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Homeopathy officially a waste of NHS money

In Uncategorized on February 23, 2010 by Hanna

According to the Science and Technology Select Committee report out today. It found that internally the government was at odds with itself by funding homeopathy despite agreeing that the evidence base was weak (or non existent) and recommended that public money for research be used for other things, things that perhaps can be explained using current science. From the conclusions and recommendations:

11.  In our view, the systematic reviews and meta-analyses conclusively demonstrate that homeopathic products perform no better than placebos. (Paragraph 70)

12.  We recommend that the Government Chief Scientific Adviser and Professor Harper get together to see if they can reach an agreed position on the question of whether there is any good evidence for the efficacy of homeopathy and whether there is a genuine scientific controversy over the efficacy of homeopathy and publish this. (Paragraph 72)

13.  We regret that advocates of homeopathy, including in their submissions to our inquiry, choose to rely on, and promulgate, selective approaches to the treatment of the evidence base as this risks confusing or misleading the public, the media and policy-makers. (Paragraph 73)

14.  There has been enough testing of homeopathy and plenty of evidence showing that it is not efficacious. Competition for research funding is fierce and we cannot see how further research on the efficacy of homeopathy is justified in the face of competing priorities. (Paragraph 77)

15.  It is also unethical to enter patients into trials to answer questions that have been settled already. Given the different position on this important question between the Minister and his Chief Scientist, we recommend that the Government Chief Scientific Adviser, Professor John Beddington, investigate whether ministers are receiving effective advice and publish his own advice on this question. (Paragraph 78)

16.  We do not doubt that homeopathy makes some patients feel better. However, patient satisfaction can occur through a placebo effect alone and therefore does not prove the efficacy of homeopathic interventions. (Paragraph 82)

17.  We recommend that the Department of Health circulate NHS West Kent’s review of the commissioning of homeopathy to those PCTs with homeopathic hospitals within their areas. It should recommend that they also conduct reviews as a matter of urgency, to determine whether spending money on homeopathy is cost effective in the context of competing priorities. (Paragraph 86)

Should NICE evaluate homeopathy?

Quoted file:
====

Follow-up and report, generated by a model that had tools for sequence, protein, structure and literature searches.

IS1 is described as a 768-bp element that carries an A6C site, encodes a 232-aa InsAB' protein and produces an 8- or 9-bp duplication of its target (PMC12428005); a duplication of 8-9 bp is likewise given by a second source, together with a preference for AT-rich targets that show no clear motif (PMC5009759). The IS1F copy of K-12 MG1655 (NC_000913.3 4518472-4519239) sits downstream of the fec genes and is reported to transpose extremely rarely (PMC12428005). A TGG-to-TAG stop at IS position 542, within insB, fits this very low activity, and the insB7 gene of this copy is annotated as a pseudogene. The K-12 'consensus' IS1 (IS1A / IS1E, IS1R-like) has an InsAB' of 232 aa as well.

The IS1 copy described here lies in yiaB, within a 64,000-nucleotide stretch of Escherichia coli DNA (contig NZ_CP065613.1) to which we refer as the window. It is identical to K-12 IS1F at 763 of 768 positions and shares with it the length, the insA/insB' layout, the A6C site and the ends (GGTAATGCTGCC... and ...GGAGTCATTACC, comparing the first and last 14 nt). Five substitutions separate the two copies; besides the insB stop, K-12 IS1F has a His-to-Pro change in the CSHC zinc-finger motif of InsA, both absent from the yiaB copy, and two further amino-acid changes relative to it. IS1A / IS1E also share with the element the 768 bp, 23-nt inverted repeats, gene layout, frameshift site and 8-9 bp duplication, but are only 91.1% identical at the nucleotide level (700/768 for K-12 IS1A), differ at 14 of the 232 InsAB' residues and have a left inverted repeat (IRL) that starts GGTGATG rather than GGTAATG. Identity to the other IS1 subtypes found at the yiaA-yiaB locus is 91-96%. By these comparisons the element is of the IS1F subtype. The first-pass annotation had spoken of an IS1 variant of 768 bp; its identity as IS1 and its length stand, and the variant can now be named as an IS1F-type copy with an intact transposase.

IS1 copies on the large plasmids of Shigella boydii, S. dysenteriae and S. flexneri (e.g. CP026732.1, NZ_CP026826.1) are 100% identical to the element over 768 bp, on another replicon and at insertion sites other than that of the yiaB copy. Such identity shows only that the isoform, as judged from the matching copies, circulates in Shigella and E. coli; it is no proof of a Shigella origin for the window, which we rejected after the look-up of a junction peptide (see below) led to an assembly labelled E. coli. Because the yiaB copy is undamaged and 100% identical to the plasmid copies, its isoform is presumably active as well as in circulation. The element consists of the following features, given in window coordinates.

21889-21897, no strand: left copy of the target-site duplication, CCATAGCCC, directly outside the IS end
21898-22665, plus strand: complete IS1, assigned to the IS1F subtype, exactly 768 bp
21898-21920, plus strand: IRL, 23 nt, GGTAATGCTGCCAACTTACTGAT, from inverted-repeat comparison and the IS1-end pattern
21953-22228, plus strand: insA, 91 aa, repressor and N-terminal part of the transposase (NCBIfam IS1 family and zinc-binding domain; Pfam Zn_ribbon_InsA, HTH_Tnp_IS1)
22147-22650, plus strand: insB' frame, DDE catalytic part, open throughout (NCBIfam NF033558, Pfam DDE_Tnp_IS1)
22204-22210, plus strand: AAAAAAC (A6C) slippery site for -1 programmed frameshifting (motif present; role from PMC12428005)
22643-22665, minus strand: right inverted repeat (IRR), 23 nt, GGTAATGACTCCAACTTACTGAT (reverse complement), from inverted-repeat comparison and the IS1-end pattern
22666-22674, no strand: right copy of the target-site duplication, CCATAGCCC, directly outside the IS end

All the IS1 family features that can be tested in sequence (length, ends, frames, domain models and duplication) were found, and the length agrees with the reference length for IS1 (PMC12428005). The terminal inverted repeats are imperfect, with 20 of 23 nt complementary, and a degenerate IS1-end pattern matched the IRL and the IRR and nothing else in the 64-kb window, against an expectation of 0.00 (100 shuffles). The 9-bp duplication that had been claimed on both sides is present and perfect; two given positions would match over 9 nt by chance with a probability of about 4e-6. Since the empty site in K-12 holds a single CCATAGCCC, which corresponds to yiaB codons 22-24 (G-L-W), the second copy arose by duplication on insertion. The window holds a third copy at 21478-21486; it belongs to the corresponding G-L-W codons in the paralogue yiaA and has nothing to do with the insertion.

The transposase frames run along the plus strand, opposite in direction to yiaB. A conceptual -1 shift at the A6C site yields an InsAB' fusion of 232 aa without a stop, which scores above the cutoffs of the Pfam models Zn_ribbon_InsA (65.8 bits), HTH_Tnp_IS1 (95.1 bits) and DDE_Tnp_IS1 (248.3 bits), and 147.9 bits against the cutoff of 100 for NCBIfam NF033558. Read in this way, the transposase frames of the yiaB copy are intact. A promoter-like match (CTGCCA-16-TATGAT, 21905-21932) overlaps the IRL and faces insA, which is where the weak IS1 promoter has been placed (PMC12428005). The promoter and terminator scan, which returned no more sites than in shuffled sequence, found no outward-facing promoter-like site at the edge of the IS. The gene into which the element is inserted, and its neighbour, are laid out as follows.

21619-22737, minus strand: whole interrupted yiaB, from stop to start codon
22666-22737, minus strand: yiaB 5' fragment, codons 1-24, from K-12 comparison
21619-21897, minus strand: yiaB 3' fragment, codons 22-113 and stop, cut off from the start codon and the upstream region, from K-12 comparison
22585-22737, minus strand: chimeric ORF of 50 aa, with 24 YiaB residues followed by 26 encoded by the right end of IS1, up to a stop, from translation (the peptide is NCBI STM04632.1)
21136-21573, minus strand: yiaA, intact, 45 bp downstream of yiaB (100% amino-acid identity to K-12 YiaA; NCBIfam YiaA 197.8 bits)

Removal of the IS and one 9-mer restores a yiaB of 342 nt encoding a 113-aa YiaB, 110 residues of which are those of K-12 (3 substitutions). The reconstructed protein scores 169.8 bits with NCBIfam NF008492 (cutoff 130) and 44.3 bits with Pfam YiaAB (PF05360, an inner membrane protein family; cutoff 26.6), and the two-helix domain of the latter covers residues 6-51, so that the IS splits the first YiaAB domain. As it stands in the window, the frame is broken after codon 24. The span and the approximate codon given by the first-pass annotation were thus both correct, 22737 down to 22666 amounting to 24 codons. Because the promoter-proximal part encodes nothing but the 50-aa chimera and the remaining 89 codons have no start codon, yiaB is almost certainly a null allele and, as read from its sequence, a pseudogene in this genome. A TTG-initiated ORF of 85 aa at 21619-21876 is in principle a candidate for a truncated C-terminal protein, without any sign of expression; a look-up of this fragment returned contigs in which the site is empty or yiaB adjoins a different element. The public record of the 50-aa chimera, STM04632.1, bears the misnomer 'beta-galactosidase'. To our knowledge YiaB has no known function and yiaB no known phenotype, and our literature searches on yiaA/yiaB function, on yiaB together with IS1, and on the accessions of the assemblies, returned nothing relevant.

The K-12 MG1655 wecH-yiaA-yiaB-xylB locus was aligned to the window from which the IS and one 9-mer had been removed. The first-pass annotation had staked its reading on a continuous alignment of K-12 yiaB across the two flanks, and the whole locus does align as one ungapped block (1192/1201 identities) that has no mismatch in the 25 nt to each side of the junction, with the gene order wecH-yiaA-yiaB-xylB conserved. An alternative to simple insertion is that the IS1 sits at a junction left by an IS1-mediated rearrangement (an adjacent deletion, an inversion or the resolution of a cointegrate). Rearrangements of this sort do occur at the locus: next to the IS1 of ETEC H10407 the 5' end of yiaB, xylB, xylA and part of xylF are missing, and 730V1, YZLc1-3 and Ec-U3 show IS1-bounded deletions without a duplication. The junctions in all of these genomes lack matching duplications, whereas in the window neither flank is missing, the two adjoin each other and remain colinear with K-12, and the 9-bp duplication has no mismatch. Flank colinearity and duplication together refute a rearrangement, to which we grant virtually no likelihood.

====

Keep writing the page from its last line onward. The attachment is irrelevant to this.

18.  We accept that NICE has a large queue of drugs to evaluate and that it may have greater priorities than evaluating homeopathy. However, we cannot understand why the lack of an evidence base for homeopathy might prevent NICE evaluating it but not prevent the NHS spending money on it. This position is not logical. (Paragraph 90)

Homeopathy on the NHS

19.  When doctors prescribe placebos, they risk damaging the trust that exists between them and their patients. (Paragraph 97)

20.  For patient choice to be real choice, patients must be adequately informed to understand the implications of treatments. For homeopathy this would certainly require an explanation that homeopathy is a placebo. When this is not done, patient choice is meaningless. When it is done, the effectiveness of the placebo—that is, homeopathy—may be diminished. We argue that the provision of homeopathy on the NHS, in effect, diminishes, not increases, informed patient choice. (Paragraph 101)

21.  We recommend that if personal health budgets proceed beyond the pilot stage the Government should not allow patients to buy non-evidence-based treatments such as homeopathy with public money. (Paragraph 104)

22.  When the NHS funds homeopathy, it endorses it. Since the NHS Constitution explicitly gives people the right to expect that decisions on the funding of drugs and treatments are made “following a proper consideration of the evidence”, patients may reasonably form the view that homeopathy is an evidence-based treatment. (Paragraph 109)

23.  The Government should stop allowing the funding of homeopathy on the NHS. (Paragraph 110)

24.  We conclude that placebos should not be routinely prescribed on the NHS. The funding of homeopathic hospitals—hospitals that specialise in the administration of placebos—should not continue, and NHS doctors should not refer patients to homeopaths. (Paragraph 111)

And it also looked at licensing and it’s final conclusion:

33.  By providing homeopathy on the NHS and allowing MHRA licensing of products which subsequently appear on pharmacy shelves, the Government runs the risk of endorsing homeopathy as an efficacious system of medicine. To maintain patient trust, choice and safety, the Government should not endorse the use of placebo treatments, including homeopathy. Homeopathy should not be funded on the NHS and the MHRA should stop licensing homeopathic products. (Paragraph 157)

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One Response to “Homeopathy officially a waste of NHS money”

  1. If only this could be the end of it.

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